Introduction to the Principles of Morals and Legislation

Jeremy Bentham

Chapter VII, Footnote #02
Acts of omission

The distinction between positive and negative acts runs through the whole system of offences, and sometimes makes a material difference with regard to their consequences. To reconcile us the better to the extensive and, as it may appear on some occasions, the inconsistent signification here given to the word act, it may be considered, 1. That in many cases, where no exterior or overt act is exercised, the state which the mind is in at the time when the supposed act is said to happen, is as truly and directly the result of the will, as any exterior act, how plain and conspicuous soever. The not revealing a conspiracy, for instance, may be as perfectly the act of the will, as the joining in it. In the next place, that even though the mind should never have had the incident in question in contemplation (insomuch that the event of its not happening should not have been so much as obliquely intentional) still the state the person's mind was in at the time when, if he had so willed, the incident might have happened, is in many cases productive of as material consequences; and not only as likely, but as fit to call for the interposition of other agents, as the opposite one. Thus when a tax is imposed, your not paying it is an act which at any rate must be punished in a certain manner whether you happened to think of paying it or not.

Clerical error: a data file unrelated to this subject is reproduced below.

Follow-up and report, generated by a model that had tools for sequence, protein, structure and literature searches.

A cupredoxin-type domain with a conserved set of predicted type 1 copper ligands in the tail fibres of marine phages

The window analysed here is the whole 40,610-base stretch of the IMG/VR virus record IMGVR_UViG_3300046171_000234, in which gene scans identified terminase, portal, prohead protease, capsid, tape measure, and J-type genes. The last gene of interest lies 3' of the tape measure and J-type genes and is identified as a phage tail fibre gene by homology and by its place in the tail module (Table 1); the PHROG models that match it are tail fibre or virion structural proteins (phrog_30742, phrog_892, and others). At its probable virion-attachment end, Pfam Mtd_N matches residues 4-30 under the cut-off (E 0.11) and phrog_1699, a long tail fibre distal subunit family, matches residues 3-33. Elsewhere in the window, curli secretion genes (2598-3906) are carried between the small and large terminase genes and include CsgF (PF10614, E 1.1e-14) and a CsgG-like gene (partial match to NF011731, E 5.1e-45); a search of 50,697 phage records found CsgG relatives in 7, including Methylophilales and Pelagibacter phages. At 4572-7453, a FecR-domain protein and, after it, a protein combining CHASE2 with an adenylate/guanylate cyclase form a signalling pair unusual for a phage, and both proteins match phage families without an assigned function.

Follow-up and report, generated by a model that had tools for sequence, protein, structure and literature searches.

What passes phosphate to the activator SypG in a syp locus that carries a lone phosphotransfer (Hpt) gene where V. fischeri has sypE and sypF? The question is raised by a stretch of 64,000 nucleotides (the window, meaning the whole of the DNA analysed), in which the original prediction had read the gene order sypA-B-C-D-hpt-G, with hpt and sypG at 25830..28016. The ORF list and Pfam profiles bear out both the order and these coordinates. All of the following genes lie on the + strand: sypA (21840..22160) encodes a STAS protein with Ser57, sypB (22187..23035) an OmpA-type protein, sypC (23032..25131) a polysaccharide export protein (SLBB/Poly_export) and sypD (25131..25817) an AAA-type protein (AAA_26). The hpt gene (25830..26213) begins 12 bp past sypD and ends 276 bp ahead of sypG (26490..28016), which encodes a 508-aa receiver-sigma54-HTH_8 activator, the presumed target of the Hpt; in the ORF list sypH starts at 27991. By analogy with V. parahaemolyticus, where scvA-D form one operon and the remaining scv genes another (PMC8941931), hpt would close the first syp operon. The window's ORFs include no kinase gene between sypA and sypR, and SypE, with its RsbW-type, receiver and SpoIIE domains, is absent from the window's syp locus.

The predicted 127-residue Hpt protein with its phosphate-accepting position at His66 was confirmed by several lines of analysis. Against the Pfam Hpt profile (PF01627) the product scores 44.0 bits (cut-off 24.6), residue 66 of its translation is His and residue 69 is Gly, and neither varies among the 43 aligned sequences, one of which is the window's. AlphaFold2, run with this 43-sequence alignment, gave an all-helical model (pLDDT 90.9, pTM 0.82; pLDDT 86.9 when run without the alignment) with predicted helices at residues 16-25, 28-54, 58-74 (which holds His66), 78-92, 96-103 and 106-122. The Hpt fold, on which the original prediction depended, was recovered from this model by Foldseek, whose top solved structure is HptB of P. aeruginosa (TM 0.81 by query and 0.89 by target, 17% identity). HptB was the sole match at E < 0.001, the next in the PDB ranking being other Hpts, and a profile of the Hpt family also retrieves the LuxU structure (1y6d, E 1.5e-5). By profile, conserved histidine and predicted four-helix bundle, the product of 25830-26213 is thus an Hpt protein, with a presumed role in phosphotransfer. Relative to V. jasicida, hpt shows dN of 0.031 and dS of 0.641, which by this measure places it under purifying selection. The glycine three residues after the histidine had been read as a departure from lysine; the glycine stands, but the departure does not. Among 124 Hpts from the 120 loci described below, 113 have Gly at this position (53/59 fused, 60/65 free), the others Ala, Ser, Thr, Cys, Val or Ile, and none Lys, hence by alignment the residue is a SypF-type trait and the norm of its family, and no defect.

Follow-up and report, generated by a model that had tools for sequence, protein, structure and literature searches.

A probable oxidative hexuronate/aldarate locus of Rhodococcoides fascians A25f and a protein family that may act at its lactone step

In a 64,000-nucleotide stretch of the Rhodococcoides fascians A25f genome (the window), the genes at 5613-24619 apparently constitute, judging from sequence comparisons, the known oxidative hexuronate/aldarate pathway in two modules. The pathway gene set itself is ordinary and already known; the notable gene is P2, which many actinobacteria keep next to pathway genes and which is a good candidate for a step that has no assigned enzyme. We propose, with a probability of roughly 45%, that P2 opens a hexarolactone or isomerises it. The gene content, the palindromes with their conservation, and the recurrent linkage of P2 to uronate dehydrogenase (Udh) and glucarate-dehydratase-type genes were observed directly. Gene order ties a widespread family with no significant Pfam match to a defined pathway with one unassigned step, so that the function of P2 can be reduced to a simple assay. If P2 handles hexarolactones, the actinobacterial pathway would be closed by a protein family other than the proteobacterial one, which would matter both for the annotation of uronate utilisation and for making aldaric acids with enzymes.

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IPML Chapter 7